Majdalany’s “Soliloquy of Eden”

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MAJDELANY: Soliloquy of Eden, a Suite in 5 Movements / Judy Kang, cello / private issue, no number

Los Angeles-based composer Nadeem Majdelany, who received his degree at the Berklee College of Music, presents here a five-movement piece based on cosmic reverberations, steadfast warriors and the threshold of life and death, none of which really means anything in terms of just listening to the music, which fortunately is interesting enough to rise above the New Age philosophy.

Majdalany’s music is simultaneously lyrical-tonal and modern-edgy, alternating between these two worlds to create a fascinating tapestry of sound. Judy Kang, our solo cellist, has an exceptionally rich, warm tone, yet can negotiate the sometimes strange demands that Majdelany puts on her, including distorted notes, bouncing the bow off the strings and other such devices. What I particularly liked about the music, however, was the fact that none of these modern devices sounds forced or precious; they are simply elements in the ongoing cello monologue that is this fascinating suite.

Nonetheless, it is precisely these edgy moments that keep the score from sounding too much like New Age pap. For the most part, Majdelany’s music is slow-moving and does not have a strong sense of structure per se, but that isn’t important. The important thing is that every note and phrase captures your attention and holds it. In the third piece, “Memories Keep Time Awake,” the slow pizzicato progression of notes almost sounds like the slow ticking of a clock in an atonal manner. Majdelany’s text for this movement in the liner notes runs like this:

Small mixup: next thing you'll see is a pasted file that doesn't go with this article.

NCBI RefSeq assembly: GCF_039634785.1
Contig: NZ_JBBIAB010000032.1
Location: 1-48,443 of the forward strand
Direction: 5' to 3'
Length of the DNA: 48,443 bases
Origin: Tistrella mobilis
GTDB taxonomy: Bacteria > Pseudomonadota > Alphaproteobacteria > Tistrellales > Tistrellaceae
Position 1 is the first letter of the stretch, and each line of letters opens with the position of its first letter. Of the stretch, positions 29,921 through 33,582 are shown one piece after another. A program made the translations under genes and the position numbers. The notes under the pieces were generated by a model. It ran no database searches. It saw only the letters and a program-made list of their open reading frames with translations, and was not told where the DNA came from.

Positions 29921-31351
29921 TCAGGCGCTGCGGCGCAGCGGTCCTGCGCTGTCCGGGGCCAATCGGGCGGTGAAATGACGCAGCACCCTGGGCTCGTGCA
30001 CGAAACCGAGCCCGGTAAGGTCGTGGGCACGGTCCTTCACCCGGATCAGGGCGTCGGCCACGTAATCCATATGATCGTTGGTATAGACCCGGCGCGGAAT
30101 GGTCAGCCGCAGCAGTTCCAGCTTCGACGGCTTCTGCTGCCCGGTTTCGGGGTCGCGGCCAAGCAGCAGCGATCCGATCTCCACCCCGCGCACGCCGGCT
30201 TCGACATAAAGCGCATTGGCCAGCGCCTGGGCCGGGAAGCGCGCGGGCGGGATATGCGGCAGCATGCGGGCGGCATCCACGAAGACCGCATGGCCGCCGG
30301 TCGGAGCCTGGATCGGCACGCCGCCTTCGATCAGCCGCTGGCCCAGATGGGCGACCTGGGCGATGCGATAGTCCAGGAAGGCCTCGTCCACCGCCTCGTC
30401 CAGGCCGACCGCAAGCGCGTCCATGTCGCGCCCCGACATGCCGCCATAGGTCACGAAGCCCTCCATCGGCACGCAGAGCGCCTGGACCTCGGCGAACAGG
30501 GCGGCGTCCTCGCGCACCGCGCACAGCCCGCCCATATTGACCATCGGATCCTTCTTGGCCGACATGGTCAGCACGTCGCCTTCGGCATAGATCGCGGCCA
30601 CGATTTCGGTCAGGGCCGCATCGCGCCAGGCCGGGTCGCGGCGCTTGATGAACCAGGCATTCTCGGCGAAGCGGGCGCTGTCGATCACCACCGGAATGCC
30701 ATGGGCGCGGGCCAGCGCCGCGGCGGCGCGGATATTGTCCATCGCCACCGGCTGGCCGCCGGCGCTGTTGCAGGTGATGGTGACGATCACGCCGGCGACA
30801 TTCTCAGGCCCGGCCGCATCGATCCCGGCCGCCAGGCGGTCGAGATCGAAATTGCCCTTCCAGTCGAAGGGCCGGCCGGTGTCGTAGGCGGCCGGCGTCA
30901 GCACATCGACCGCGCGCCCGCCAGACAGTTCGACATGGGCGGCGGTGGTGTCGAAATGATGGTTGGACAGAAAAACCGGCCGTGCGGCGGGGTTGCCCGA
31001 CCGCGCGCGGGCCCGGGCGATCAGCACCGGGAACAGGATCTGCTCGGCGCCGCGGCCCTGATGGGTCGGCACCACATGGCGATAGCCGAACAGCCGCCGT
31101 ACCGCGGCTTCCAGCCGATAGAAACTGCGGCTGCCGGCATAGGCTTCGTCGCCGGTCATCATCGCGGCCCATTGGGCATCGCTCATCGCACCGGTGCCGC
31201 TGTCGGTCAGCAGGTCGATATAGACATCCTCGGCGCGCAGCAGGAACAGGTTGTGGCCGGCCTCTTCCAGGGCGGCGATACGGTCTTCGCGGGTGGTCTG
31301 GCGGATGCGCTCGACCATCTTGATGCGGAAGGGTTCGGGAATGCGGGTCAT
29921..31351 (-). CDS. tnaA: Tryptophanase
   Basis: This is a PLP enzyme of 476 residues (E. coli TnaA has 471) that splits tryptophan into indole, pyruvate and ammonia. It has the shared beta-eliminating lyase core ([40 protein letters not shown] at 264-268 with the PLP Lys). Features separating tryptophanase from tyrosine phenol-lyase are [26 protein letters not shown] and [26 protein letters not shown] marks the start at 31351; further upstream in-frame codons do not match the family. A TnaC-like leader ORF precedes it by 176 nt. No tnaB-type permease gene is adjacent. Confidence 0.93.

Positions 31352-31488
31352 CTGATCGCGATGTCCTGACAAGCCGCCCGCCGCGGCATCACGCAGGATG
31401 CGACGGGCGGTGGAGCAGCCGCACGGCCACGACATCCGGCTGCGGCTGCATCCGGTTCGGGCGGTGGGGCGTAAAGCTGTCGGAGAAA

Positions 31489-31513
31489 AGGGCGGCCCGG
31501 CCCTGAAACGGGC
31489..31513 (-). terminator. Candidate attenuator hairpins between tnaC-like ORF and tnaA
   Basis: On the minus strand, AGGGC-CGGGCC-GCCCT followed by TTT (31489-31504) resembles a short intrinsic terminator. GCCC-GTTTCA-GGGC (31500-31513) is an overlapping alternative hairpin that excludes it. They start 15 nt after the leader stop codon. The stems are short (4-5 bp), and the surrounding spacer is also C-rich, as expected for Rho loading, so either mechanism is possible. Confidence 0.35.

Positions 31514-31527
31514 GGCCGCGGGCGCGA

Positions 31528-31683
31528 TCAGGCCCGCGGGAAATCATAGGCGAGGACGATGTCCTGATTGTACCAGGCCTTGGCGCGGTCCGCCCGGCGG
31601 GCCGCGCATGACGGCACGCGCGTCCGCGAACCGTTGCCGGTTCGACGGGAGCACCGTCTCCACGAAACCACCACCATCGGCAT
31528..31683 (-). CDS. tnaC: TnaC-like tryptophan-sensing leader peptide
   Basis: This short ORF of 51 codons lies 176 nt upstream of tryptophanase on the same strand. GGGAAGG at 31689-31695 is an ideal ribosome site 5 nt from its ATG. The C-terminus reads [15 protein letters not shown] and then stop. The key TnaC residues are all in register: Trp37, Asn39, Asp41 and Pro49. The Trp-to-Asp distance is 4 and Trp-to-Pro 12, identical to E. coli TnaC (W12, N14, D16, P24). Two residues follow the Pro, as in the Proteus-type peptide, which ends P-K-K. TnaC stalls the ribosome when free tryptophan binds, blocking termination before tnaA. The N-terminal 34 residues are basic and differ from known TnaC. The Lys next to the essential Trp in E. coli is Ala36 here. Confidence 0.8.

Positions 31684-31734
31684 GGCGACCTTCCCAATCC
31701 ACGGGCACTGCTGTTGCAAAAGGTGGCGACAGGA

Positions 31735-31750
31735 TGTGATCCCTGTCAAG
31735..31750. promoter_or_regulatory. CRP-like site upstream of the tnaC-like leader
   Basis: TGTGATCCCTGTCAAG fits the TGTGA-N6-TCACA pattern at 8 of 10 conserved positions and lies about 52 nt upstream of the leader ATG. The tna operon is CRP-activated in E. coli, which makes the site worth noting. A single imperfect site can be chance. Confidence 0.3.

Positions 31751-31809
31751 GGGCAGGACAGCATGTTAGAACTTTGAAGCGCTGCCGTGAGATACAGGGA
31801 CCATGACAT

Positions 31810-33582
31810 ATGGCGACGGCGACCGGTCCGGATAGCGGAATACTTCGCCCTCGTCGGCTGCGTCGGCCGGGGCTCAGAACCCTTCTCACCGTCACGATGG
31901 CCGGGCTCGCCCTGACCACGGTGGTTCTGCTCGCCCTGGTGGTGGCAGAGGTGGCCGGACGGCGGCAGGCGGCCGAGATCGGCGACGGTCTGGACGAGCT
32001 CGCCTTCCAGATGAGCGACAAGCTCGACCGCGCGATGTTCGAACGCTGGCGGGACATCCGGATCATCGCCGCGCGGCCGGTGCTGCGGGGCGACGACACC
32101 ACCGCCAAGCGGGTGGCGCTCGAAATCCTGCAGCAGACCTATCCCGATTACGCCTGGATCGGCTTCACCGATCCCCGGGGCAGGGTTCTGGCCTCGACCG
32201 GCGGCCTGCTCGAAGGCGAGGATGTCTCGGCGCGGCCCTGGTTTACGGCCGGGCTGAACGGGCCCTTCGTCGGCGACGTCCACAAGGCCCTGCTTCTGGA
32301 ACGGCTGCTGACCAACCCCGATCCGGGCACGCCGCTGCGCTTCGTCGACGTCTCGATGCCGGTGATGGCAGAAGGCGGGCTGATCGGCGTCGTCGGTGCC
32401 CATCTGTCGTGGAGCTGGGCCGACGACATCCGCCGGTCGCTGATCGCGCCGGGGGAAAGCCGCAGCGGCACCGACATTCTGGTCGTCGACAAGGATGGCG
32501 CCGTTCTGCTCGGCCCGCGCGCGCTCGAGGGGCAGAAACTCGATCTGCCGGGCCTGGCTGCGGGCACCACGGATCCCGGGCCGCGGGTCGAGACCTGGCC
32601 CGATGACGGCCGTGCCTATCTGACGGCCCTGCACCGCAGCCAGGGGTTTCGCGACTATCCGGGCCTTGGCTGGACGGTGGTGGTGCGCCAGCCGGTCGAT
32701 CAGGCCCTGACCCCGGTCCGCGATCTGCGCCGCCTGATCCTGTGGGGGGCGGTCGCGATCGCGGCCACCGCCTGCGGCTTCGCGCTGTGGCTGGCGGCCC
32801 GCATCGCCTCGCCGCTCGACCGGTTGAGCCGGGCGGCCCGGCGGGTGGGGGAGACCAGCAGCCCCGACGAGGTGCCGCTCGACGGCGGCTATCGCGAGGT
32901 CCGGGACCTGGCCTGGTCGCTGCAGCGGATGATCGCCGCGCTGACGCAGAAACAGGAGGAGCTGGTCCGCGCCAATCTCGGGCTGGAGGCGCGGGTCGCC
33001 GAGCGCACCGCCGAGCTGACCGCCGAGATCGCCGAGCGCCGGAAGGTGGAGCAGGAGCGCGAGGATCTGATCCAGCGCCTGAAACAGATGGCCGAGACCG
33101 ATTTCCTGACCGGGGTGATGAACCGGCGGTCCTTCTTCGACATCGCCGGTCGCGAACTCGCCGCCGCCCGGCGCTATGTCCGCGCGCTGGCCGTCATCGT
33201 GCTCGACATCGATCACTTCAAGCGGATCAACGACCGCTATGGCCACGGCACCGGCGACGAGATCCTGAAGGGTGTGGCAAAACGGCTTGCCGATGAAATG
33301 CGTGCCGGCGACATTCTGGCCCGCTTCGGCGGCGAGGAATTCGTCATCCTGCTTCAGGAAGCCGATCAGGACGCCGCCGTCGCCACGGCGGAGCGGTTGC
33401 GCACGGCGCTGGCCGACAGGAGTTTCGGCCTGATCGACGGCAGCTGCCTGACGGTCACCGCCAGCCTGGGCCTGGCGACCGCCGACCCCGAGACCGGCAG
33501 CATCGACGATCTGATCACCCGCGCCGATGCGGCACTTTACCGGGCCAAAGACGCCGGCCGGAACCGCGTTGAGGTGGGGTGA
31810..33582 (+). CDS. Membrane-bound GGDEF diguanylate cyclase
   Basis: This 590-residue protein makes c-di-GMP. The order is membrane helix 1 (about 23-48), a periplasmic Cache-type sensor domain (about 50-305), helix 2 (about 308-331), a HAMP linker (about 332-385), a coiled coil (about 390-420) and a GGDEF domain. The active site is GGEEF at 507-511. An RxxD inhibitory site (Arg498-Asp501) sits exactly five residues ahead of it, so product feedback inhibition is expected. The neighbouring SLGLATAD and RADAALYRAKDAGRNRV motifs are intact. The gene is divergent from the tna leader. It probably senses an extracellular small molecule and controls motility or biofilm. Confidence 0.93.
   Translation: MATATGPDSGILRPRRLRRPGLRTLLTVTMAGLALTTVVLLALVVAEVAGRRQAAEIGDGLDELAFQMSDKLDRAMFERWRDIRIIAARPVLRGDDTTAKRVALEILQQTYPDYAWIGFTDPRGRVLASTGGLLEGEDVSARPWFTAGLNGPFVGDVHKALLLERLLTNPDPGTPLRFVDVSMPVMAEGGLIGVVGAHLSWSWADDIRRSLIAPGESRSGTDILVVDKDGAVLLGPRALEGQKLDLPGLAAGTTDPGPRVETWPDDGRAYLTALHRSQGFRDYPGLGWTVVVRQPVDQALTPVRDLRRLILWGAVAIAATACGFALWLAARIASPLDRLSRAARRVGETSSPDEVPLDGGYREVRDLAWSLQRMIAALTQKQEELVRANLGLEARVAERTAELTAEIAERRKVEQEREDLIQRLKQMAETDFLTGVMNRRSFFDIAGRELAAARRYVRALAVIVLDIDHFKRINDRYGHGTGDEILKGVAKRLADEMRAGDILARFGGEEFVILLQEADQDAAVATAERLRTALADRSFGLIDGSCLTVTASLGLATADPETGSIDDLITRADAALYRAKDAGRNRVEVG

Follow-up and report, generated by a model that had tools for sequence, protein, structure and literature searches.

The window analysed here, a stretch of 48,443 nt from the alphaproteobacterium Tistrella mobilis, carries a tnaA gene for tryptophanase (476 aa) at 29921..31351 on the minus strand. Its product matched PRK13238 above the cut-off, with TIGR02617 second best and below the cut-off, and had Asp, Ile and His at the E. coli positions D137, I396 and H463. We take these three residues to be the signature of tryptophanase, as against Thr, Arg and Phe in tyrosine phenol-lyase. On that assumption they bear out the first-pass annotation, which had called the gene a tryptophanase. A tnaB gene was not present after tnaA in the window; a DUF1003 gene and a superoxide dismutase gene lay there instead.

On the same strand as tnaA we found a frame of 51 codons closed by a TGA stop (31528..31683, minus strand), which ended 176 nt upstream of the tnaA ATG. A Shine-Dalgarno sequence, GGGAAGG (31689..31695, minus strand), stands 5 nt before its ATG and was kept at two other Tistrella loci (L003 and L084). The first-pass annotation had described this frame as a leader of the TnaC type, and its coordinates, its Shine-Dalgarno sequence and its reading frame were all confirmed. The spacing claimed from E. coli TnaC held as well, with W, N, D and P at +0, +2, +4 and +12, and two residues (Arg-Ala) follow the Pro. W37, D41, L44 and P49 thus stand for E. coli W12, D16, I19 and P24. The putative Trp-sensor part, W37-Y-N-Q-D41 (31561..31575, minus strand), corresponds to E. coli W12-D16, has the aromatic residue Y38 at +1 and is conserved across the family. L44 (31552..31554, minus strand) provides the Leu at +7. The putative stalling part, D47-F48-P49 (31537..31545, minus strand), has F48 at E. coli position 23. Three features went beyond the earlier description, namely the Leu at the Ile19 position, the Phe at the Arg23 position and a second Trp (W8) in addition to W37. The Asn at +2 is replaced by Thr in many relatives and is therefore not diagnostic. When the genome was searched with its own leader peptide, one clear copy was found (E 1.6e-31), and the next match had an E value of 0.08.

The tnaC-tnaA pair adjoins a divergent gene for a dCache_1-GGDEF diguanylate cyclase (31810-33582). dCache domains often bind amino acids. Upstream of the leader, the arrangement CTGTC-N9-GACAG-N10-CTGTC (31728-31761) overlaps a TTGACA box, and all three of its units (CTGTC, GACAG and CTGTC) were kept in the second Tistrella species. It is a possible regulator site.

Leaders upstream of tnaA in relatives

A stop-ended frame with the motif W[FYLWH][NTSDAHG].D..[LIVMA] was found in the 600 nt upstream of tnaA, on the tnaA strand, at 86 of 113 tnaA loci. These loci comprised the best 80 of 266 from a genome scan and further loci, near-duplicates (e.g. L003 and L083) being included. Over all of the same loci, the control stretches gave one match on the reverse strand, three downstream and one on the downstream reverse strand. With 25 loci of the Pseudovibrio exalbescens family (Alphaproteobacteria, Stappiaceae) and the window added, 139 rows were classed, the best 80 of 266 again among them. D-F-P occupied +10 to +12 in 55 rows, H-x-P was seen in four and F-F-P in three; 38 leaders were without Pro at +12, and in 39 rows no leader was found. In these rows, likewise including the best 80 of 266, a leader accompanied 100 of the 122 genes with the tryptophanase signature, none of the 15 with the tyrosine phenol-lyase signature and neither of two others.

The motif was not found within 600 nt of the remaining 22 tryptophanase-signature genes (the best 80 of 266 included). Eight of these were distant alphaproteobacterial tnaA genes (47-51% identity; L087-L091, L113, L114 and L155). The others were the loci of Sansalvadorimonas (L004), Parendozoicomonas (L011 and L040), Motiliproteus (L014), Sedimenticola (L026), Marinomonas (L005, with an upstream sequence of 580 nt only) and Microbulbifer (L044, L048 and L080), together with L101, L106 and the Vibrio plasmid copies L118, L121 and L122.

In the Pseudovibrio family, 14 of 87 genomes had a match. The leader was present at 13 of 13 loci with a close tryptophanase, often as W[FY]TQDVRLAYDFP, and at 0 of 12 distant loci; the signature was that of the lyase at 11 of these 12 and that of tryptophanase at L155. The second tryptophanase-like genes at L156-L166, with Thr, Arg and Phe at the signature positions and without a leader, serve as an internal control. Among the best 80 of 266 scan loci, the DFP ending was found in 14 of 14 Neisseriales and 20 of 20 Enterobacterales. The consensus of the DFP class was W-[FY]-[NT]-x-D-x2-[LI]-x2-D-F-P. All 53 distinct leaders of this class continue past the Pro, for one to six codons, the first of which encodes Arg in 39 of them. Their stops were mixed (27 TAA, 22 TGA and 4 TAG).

Now is the time of release. Old habits must depart
for new opportunities to be welcomed. The heart is open,
and now the stage must be set for growth…

This is how you set boundaries; this is how you love.
This is how you create the stage for a new person;
and this person will love your home and help you decorate.

By contrast, the fourth movement, “Mystic Magenta Tree,” presents more lyrical melodic lines with edgy bowing amidst them. There is also a rising, slow chromatic passage that simulates the growth of a tree, balanced later on in the piece by one descending chromatic glissando.

This rather short suite ends with “Harmonious Hominem Fountain Fortuna,” which consists primarily of long, slow chords in thirds played on the cello, but yet again it is the departures from this structure that are interesting.

It’s rather a pity that this short but fascinating work, released by the composer and available HERE, will undoubtedly fly under the radar of most listeners. It is indeed a fascinating work, worthy of serious listening. It is sincere music without gimmicks, written without pandering to mass listening tastes.

—© 2020 Lynn René Bayley

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